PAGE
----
triathlon_article_My_First_Triathlon_Story_New_Jersey

First Triathlon Story

Triathlon Event

Well. I did it. And that is an accomplishment I can be proud of. I completed my first Sprint Triathlon and while parts of it were not pretty, the medal that reads “FINISHER” is very pretty indeed

First off, major props to CGI Racing and the organizers of the NJ State Triathlon because they put on a spectacular race and I’m glad that I chose this one as my very first tri. I chose this race as my goal way back in December of 2010 and started getting my body in shape to take it on. Training, as it turns out, is the easy part.

As the date grew closer, I began the training program in earnest and put in all the necessary time I thought would help get me through it. I’m a city boy so swimming was not and never has been my forte. I can “swim” but I’ve never swum competitively in any way, shape or form so this was going to be a new challenge all around.

I didn’t own a road bike so I worked with the bike I had, a hybrid mountain bike with knobby tires. Every resource I looked up said to go with what you have if it’s your first tri … so that’s what i did.

As for running, I’d already run one NYC Marathon so I wasn’t too worried about that part but I put in the time nonetheless

I did my swim training at my local YMCA in a heated pool with straight lanes and a ground that I could touch easily anytime I needed to rest. (Hint: foreshadowing) When I first started, I could swim a length of the pool … and that was it. By the end of training, I was able to swim 500 yards straight with very tiny little breaks sprinkled throughout. Swimming made me discover muscles that I didn’t realize I had. And apparently I was going to need ALL of them.

I biked all over my town and the next … and the next … and if I wasn’t biking it, I was running it.

Finally, race day came and I was as prepared as I could be. I loaded up all my gear and took the trip down to the hotel where my family and I would be staying to avoid having to drive back and forth to the race. We arrived in town at about 4:00pm and stopped to grab some dinner. Afterwards, when we got back to the car, I noticed that my rear bike tire was flat. Seriously flat. It was now nearly 6:30 pm … 13 hours before the race and my tire was super-flat. A quick iPhone search turned up some local bike shops and Jay’s Cycles in Princeton was nearby but was closing at 7:00pm. We raced over there and the guy who helped me replaced my inner tube in 10 minutes and sent me on my way with a working bike. I can’t thank those guys enough because without them, I don’t race.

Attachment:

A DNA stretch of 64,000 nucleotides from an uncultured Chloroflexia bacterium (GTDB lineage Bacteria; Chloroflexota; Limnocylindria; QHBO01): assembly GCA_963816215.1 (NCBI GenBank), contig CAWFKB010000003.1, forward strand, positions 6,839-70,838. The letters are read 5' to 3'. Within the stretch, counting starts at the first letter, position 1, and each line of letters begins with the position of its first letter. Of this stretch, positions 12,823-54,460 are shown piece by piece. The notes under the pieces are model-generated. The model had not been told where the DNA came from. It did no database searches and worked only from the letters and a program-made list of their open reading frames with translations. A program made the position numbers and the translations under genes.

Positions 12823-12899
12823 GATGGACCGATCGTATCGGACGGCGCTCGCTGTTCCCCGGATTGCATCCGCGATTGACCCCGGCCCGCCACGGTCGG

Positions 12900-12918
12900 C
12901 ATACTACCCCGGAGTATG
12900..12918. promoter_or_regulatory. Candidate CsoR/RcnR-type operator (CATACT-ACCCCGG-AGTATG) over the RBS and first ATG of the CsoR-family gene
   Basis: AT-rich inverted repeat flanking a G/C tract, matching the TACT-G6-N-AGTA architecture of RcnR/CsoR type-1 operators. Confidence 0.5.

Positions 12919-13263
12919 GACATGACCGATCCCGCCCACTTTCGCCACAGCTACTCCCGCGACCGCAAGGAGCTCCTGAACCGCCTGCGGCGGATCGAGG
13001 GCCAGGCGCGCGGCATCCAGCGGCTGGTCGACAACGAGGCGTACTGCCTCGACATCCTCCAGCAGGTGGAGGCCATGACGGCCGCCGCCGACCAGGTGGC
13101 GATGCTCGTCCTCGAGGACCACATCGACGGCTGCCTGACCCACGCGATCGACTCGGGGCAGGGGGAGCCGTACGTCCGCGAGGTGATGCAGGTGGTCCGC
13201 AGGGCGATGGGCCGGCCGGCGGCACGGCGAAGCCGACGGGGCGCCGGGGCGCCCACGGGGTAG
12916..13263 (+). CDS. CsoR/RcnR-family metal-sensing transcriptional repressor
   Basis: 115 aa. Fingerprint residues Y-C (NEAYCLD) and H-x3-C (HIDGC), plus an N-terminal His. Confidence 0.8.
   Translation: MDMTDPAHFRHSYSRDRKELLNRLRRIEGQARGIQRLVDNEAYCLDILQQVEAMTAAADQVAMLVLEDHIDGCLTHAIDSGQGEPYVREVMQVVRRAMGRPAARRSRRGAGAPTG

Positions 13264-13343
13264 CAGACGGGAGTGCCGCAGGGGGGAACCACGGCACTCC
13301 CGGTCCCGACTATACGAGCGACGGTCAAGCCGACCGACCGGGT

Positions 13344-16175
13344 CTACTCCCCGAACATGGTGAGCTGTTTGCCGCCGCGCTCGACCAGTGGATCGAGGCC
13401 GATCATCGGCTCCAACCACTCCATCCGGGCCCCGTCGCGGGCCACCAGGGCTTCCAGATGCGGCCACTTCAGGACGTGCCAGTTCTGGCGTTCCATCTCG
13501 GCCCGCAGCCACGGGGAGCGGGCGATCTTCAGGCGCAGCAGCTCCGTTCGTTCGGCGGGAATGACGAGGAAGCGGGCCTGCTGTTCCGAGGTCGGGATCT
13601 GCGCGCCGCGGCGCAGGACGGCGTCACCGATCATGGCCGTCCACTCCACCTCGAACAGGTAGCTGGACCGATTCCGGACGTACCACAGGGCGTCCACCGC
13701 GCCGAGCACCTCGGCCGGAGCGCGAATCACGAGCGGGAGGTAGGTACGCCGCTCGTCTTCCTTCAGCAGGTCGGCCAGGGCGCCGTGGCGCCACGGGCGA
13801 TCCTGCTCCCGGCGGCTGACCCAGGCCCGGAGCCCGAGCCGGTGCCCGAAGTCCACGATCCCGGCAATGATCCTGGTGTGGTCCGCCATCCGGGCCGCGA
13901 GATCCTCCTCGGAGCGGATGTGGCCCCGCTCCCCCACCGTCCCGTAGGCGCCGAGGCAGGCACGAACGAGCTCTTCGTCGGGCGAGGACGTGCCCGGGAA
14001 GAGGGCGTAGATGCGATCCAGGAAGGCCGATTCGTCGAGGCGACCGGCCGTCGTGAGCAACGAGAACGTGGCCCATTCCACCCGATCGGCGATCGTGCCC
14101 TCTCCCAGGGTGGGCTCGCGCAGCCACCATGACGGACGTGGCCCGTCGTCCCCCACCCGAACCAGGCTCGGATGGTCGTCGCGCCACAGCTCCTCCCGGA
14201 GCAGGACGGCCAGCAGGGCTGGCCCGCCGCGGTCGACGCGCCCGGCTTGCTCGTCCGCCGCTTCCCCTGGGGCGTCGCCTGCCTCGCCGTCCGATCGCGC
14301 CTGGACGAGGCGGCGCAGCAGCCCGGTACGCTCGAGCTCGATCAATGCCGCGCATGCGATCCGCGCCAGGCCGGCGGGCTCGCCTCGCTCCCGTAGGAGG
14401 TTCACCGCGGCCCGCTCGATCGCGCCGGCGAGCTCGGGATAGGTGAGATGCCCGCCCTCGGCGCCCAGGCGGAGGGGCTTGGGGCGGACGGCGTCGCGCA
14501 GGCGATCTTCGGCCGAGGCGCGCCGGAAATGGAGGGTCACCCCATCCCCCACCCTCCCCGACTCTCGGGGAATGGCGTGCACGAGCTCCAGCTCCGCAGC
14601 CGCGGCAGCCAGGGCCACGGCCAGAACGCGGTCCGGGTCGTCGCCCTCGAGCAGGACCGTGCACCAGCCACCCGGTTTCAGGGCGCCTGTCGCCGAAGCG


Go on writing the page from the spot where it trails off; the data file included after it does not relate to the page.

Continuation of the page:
A good night’s sleep and an early rise and then it was race time. I felt great. i felt ready.

That is, until I actually had to swim 500 yards. Being in the lake was nothing at all like being in the pool. Even though the lake was a brisk 88F at race time, it was dark, murky and much deeper than the YMCA pool. But the race started and I wisely settled WAY in the back and began my swim in good rhythm. All the bodies ahead of me stayed ahead of me and gradually faded away from me while I adopted the slow and steady method. I made it 200 yards without any issues … and then … I hit the wall. And all of a sudden I felt like I had nothing left. I just felt tired … and the mental panic began creeping in. I wanted to put my feet down and rest for a second but there was no “down” put my feet onto. So I paddled to the first kayak I saw and took a breather. The lifeguard checked me over and after a bit of a rest, I was on my way again. Another 100 yards before I had to stop yet again. Another swimmer with black goggles, had also stopped with me but a lifeguard who had been tracking him called out to our lifeguard, “The guy with the black, if he stops again, take him. He’s done.” I felt terrible for the guy. But I swore there that I was NOT going to get pulled out of the water. From there out it was swim and rest wherever possible. After another 150 yards, and two more kayak stops, the finish line was in sight. I made one more quick stop to a lifeguard with a buoy who checked me over and urged me on. She offered to start pulling me in to shore and I said, “No. Thanks, but I have to finish this.” And off I went … swimming with whatever I had left to make it … not to shore … but just to solid ground so I could walk if I had to. I swam in as far as I could and eventually my feet hit sand. I’m not ashamed to say that I stood up as quickly as I could and walked my way in to shore. But I made it to shore.

I was wiped out. Exhausted. I hobbled to the transition area where my bike was the last one on my rack and recouped as much as I could. And that’s when the second wind hit me. I got my bike out to the course and hopped on and from there out, it was a cakewalk. I had a great bike ride and in the 98F heat, I was able to run a decent time … not walk … I was able to run every step.

I had hoped to finish between 1:30:00 and 1:45:00 for my first tri but I had to settle for 1:48:55. Of course, I have already vowed to return next year to get to my target time. Thanks Triathanewbie for being a part of it the whole way.

Jeof from New Jersey

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Run: – Get the ultimate skinny on running sneakers, running gear, safety tips and much more.

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